was as proud as punch.<br />

An odd thing happened though, as we stood around chatting after the<br />

ceremony. I had a very powerful feeling that somehow I belonged<br />

there. But would Karen also understand this overwhelming desire?<br />

Those who know her, know Karen often has to think outside the<br />

box, and I will be forever grateful that she gave me a chance to be<br />

part of the <strong>STEPS</strong> family. So now there were three!<br />

However, Kel’s lesson was not done yet. She and Dale Bray (now<br />

her husband) had become close mates during this time so Dale had<br />

seen <strong>STEPS</strong> close-up. Like Katie, he decided to move out of his<br />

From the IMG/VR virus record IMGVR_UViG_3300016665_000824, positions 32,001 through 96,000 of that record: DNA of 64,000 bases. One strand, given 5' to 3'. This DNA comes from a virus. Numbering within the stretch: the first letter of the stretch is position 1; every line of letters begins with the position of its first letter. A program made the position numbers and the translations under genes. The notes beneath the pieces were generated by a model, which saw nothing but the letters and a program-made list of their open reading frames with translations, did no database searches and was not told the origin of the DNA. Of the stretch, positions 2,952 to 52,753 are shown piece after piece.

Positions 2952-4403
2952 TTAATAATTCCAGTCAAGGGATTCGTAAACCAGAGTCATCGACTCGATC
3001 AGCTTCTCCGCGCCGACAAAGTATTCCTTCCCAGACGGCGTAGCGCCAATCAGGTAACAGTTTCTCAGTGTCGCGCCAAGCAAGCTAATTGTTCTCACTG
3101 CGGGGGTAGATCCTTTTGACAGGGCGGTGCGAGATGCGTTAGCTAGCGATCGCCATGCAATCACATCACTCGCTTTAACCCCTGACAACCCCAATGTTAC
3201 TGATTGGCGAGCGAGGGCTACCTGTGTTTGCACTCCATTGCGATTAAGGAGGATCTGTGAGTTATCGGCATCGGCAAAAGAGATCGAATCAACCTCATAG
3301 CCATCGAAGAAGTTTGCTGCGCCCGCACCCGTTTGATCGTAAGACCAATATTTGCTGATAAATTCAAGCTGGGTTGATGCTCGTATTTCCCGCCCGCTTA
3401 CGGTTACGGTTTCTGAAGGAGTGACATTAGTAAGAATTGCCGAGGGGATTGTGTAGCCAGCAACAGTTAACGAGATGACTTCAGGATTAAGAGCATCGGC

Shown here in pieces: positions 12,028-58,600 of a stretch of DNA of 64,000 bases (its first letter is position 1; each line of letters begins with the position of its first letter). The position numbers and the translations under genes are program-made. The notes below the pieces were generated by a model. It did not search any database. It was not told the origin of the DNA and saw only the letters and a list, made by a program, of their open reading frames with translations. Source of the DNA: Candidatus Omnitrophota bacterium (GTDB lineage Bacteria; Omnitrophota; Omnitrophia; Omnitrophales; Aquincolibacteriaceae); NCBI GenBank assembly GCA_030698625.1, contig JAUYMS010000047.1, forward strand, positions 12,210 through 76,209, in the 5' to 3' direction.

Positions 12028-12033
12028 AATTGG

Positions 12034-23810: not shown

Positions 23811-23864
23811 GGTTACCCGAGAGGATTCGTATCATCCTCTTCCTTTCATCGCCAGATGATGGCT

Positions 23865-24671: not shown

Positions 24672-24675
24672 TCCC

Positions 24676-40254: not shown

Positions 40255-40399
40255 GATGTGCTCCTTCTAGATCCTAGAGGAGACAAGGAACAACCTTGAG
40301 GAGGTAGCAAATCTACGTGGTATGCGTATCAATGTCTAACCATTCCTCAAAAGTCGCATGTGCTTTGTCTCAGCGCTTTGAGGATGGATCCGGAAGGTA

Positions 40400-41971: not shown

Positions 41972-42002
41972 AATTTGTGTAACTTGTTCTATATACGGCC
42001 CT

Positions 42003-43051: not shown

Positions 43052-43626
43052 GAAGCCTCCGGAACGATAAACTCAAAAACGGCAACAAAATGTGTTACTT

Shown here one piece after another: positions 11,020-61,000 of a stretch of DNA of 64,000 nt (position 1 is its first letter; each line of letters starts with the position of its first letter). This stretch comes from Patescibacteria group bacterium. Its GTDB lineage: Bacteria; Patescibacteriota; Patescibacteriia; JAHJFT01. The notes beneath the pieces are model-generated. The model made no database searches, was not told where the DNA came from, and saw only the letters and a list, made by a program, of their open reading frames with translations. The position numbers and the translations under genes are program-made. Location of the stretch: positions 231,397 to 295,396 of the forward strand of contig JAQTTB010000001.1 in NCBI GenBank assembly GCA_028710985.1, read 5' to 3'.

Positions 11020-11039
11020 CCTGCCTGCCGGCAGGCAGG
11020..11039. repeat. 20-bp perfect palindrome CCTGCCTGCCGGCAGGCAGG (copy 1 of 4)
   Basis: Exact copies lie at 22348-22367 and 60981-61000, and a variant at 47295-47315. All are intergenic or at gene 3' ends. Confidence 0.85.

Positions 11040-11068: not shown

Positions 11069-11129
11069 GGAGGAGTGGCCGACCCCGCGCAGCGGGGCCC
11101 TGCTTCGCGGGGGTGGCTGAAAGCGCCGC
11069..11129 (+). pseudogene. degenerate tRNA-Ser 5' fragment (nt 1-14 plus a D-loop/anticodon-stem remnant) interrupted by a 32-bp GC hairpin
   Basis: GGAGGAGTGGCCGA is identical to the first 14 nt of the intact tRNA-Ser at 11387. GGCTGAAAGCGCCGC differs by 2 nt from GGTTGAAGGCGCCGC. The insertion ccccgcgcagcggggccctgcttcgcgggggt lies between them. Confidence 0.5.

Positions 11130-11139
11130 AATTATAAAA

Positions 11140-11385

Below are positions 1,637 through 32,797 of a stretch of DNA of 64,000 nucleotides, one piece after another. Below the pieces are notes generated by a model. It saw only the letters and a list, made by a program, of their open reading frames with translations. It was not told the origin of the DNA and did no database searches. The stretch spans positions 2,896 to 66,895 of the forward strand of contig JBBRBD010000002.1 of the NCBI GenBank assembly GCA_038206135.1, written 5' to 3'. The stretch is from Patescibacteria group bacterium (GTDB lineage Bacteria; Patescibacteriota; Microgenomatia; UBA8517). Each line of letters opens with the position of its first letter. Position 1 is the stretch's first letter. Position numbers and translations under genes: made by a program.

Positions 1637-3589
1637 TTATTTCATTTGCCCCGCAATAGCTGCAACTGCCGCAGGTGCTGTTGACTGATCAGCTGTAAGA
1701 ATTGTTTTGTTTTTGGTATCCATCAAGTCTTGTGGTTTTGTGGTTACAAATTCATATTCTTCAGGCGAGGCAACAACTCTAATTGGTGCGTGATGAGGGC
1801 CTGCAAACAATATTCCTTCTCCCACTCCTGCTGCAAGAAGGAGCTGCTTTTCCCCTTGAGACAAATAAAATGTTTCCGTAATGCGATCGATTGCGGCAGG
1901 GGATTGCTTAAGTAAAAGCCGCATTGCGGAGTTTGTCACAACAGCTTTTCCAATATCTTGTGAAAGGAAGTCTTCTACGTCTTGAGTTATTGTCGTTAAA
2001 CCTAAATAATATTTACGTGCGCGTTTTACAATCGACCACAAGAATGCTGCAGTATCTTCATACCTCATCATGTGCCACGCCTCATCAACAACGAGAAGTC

business, and soon he also was on his way through the program.<br />

Perhaps the greatest compliment we could pay to <strong>STEPS</strong>, Karen and<br />

her staff, is that we all have graduated. In order of appearance, we<br />

have Bachelor Degrees in nursing, psychology, communication and<br />

learning management. Definitely a lesson we’ll never forget!<br />


Part Three: The student learning journey<br />

Dale, Kel and Robyn<br />

At this point, it is interesting to note that 80% of new students come from<br />

student referrals. This powerful form of direct marketing has meant there is<br />

little need to formally advertise the program, thus freeing up funds for more<br />

beneficial areas such as resources.<br />

<strong>STEPS</strong> students over time have also given back to the <strong>University</strong>. Professor<br />

John Rickard recalls one ex-<strong>STEPS</strong> student who had seen the<br />